In 2001, Nickelodeon added a curious science-fiction series, Jhonen Vasquez’s Invader Zim, to its cartoon line-up. Fans of its creator were more than a little surprised. See, comic book writer and illustrator Vasquez had up until then been best known for his wildly violent and deeply dark comedy comic Johnny the Homicidal Maniac, which focused mainly on graphic murder and its anti-hero’s anti-social behavior and total mental collapse. So what would a kids’ cartoon from Vasquez even look like? As it turns out, the silliest and strangest thing to ever hit the family-friendly network.
Invader Zim was a two-hander series that not only followed the titular alien driven by a thirst for world domination, but also the Dib, the misfit grade-schooler dedicated to thwarting his invasion. Whether facing off at their spooky “Skool,” the quirky streets of suburbia, or the occasional space-set adventure, these two funny foes were endlessly entertaining, and always a perfect match when it came to ineptitude.
Before Invader Zim returns with a 90-minute movie by creator Jhonen Vasquez ( more info here), we celebrate its quintessential episodes, the ones that relished in weird, pushed boundaries, and dared to be unapologetically stupid.
“The Nightmare Begins”
Irken invaders are preparing for Operation: Impending Doom II, when the banished Zim–who singlehandedly ruined Operation: Impending Doom I–gatecrashes, demanding a chance at redemption. To keep him far from their plans of galactic domination, the Almighty Tallest send this oblivious underachiever to a far-flung and forgotten planet called Earth. There, this alone invader and his junk-based robot sidekick GIR (what does the G stand for?) attempt to blend in, donning ludicrously bad disguises that nonetheless fool most of Zim’s classmates, save for one. Son of a mad scientist, Dib believes in aliens and ghosts and that Bigfoot once borrowed his belt sander. But no one ever believes him. So even though Zim causes mayhem and clearly has no ears (no ears!), it’s on Dib alone to expose this nefarious extraterrestrial and stop an invasion of the Irken Armada.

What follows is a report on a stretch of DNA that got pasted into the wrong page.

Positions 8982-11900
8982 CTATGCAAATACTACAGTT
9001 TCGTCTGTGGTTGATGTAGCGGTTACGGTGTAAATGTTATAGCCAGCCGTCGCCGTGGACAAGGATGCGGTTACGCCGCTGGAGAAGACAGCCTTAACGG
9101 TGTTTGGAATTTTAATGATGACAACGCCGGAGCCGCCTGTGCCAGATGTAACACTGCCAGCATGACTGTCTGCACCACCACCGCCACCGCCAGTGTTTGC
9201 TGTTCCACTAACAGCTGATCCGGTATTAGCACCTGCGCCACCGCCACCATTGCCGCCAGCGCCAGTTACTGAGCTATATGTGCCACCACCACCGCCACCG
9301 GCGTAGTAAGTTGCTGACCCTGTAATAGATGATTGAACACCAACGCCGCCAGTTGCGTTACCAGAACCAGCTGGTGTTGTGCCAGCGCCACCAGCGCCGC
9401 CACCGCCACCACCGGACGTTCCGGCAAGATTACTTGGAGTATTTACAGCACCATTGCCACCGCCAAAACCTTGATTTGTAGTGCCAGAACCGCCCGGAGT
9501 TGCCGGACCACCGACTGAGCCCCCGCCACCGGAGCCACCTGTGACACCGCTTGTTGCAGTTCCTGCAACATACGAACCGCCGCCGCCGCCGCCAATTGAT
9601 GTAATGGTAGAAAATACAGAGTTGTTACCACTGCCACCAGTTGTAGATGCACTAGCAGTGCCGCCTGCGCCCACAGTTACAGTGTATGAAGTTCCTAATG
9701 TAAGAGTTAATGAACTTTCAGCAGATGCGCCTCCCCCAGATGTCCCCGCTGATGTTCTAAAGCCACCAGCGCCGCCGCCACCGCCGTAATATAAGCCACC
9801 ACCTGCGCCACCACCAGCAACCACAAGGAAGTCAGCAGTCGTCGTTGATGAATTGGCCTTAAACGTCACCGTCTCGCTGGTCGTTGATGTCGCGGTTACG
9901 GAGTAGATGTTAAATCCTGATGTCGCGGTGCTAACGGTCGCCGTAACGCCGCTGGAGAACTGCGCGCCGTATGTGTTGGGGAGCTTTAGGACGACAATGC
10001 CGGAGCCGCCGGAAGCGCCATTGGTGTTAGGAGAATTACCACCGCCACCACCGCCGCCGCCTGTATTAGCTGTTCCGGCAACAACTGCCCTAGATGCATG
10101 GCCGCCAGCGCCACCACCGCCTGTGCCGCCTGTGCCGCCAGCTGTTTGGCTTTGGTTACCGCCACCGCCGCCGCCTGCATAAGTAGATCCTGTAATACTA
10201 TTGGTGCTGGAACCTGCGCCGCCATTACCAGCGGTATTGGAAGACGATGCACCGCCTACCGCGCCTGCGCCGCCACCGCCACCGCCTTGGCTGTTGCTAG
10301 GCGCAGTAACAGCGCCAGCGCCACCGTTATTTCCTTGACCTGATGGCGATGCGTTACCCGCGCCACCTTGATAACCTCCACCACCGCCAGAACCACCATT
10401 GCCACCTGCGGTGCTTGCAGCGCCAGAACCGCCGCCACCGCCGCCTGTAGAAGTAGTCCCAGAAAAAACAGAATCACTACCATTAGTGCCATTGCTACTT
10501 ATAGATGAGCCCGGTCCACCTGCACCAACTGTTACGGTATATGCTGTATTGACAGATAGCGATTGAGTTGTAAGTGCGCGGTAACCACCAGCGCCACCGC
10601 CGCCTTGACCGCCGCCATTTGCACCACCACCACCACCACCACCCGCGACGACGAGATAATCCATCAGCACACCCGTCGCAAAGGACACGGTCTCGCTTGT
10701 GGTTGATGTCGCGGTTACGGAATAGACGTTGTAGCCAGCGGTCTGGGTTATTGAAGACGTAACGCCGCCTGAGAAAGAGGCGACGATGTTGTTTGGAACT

The two-parter lays down a lot of groundwork, establishing not only Zim and Dib, but also the weird sense of humor Vasquez gleefully brought to this Nickelodeon series. Whether its Zim’s referring to his human alter ego as a “perfectly normal human worm baby,” the hissing homeroom teacher Ms. Bitters calling the new student a “hopeless appendage of the student body,” or an ice cream van that pronounces from its intercom the all-too-true adage, “Your existence is meaningless without ice cream,” this premiere promised audiences a dedicatedly dark and bizarre cartoon series unlike any they’d ever seen before.
Undercover as a “normal” kid, Zim is subjected to the all-too-human indignities of a grade schooler. To prep his robotic “parent decoys” for the mandatory Skool event, Zim plugs them into a tutorial program on proper parenting. But when a TV-obsessed GIR overrides the system to watch his favorite TV commercials (“I love this show!”), the results skew less sentimental and more schizophrenic.
First off, pompadour plus overalls plus tutu equals style goals. But more impressively, this early episode doubled as a scathing satire of both parenting tropes (like the smothering mom and the distant dad) and the asinine behaviors casually displayed in TV commercials. (“I’ve got diarrhea!”) It also taught us that yelling about your ailing spine is the best way to get out of an awkward social situation.